With Apologies To My High School English Teacher

The threshold for praise and excitement over a child’s abilities is awfully low for infants. For example, Jack is on the precipice of rolling over from back to front. For non-parents this sounds pretty benign, if not banal. For parents, it’s like landing on the flipping moon. I found myself cheering Jack on with the same enthusiasm with which I yell at the TV during football games. (My vocalizations are equally effective in both cases.) Jack didn’t make it happen today, but it could be any day now.

Infants, of course, are pretty useless as people. They’re basically parasites, not that different from when they lived in the womb, except now they leach off of both parents, siblings, extended family, and random people who hold them for more than a minute or two.* It’s like carrying around a small bag of cat litter that squirms, yells, and unpredictably leaks from one or more openings. So anytime they gain an ability that elevates them above Bag of Cat Litter status, it’s party time.

The first few parties are for things that are, frankly, pretty mundane. Holding his head up, sleeping for more than three hours at a stretch, rolling over, holding something (and meaning it!) are all occasions for celebration. The big one comes just when you’re contemplating infanticide. You’ve been yelled at, spat on, peed on, shat on, all with nowhere near enough sleep to deal with any one of those things, no less all of them. And then, out of nowhere, he smiles. And for a second or two, unfiltered bliss hides all of that horribleness. And then the tail wags the dog and your entire world becomes about making that child smile again. And then… you keep starting sentences with “And,” much to the chagrin of your high school English teacher. And you don’t care because your baby smiled. And you’re not in English class.

While this particular milestone is powerful, it’s nowhere near as thrilling as baby laughter. Baby laughter has the advantage of happening when you’re starting to get some sleep and settle into a livable routine, so you can actually enjoy your Bag of Cat Litter a little bit. It’s the first time the experience is interactive instead of what had been heretofore like talking with a fern. You begin to imagine future interactions — telling jokes or stories, arguing about politics, sharing life’s learned-the-hard-way lessons, being Very Disappointed In You, Young Man, making farting noises into your hands, other stuff. All of this runs through your mind while your Bag of Cat Litter laughs at you hiding your face behind a napkin because, for a second or two, in his mind, you ceased to exist. It’s a humbling thought that your child is amused by your disappearance. It really doesn’t bode well for when you sign over your Power of Attorney in forty or fifty years.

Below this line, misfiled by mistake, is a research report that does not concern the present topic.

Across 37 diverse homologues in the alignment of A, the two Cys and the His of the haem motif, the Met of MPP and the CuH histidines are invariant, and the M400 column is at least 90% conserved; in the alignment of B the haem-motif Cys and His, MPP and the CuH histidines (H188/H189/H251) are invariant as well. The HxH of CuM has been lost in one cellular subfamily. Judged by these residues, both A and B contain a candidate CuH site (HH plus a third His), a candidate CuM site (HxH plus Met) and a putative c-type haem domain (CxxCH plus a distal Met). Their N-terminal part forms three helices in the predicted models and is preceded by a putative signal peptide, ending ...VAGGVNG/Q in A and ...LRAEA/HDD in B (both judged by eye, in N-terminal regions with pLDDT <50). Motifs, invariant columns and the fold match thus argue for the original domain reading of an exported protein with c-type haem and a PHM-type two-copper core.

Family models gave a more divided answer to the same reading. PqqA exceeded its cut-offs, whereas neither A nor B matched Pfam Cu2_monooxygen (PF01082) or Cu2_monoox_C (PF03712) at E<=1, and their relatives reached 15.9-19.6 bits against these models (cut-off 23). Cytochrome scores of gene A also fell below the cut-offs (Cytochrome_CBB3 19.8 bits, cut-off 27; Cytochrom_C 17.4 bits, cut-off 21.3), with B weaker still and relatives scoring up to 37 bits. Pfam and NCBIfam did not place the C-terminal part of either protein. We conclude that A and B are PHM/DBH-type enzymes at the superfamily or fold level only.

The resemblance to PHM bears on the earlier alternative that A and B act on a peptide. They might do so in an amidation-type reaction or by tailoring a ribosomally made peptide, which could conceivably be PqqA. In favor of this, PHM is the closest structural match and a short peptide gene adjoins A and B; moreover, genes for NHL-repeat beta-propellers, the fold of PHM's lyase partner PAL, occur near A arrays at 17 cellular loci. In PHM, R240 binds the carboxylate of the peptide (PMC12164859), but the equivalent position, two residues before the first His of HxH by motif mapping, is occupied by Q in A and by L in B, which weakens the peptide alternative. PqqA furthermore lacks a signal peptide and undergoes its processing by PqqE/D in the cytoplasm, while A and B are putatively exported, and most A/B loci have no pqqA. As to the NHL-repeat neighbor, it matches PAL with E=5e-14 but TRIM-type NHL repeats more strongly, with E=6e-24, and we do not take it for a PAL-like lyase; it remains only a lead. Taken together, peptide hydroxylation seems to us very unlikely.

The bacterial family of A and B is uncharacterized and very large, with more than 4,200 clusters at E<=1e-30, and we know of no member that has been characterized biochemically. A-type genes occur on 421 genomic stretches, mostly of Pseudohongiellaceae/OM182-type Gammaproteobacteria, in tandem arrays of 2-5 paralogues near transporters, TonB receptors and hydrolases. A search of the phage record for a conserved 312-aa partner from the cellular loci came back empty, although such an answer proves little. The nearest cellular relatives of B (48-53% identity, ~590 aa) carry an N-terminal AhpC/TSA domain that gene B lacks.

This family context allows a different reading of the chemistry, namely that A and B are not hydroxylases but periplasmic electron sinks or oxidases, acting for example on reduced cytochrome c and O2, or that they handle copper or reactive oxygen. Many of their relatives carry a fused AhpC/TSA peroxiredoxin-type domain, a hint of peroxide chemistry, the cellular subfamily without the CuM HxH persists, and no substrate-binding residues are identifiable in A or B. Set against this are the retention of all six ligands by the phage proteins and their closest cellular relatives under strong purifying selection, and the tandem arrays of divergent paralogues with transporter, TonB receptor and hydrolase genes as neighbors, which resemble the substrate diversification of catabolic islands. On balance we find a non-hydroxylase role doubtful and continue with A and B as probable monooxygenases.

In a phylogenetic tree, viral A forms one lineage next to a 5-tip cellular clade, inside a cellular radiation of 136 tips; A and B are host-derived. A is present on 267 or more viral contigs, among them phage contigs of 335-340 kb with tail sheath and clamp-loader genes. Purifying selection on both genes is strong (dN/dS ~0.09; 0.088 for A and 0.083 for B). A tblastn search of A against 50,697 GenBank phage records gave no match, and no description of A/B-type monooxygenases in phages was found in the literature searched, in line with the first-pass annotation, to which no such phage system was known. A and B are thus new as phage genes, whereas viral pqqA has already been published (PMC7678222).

Once they become mobile, it all speeds up. Your worries morph from you accidentally killing your baby to your baby accidentally killing himself. Your reflexes will be on par with those of an NHL Goalie, and your stress level will be comparable. At least the goaltender’s game will end after a few hours. Your stress will last for years, culminating, of course, with teaching him to drive when you will worry about him accidentally killing himself AND you at the same time. Or at least a neighbor’s Crape Myrtle.

My baby laughed today and very nearly rolled over. He’s in his crib now, trying to sleep it off and recover from all that development. He’s that much closer to going from Bag of Cat Litter to giving me a coronary in his used Dodge Dart. I think I’ll stick with the Cat Litter just a little while longer.

*Pro-tip: Don’t let strangers hold your baby. What the hell is wrong with you?


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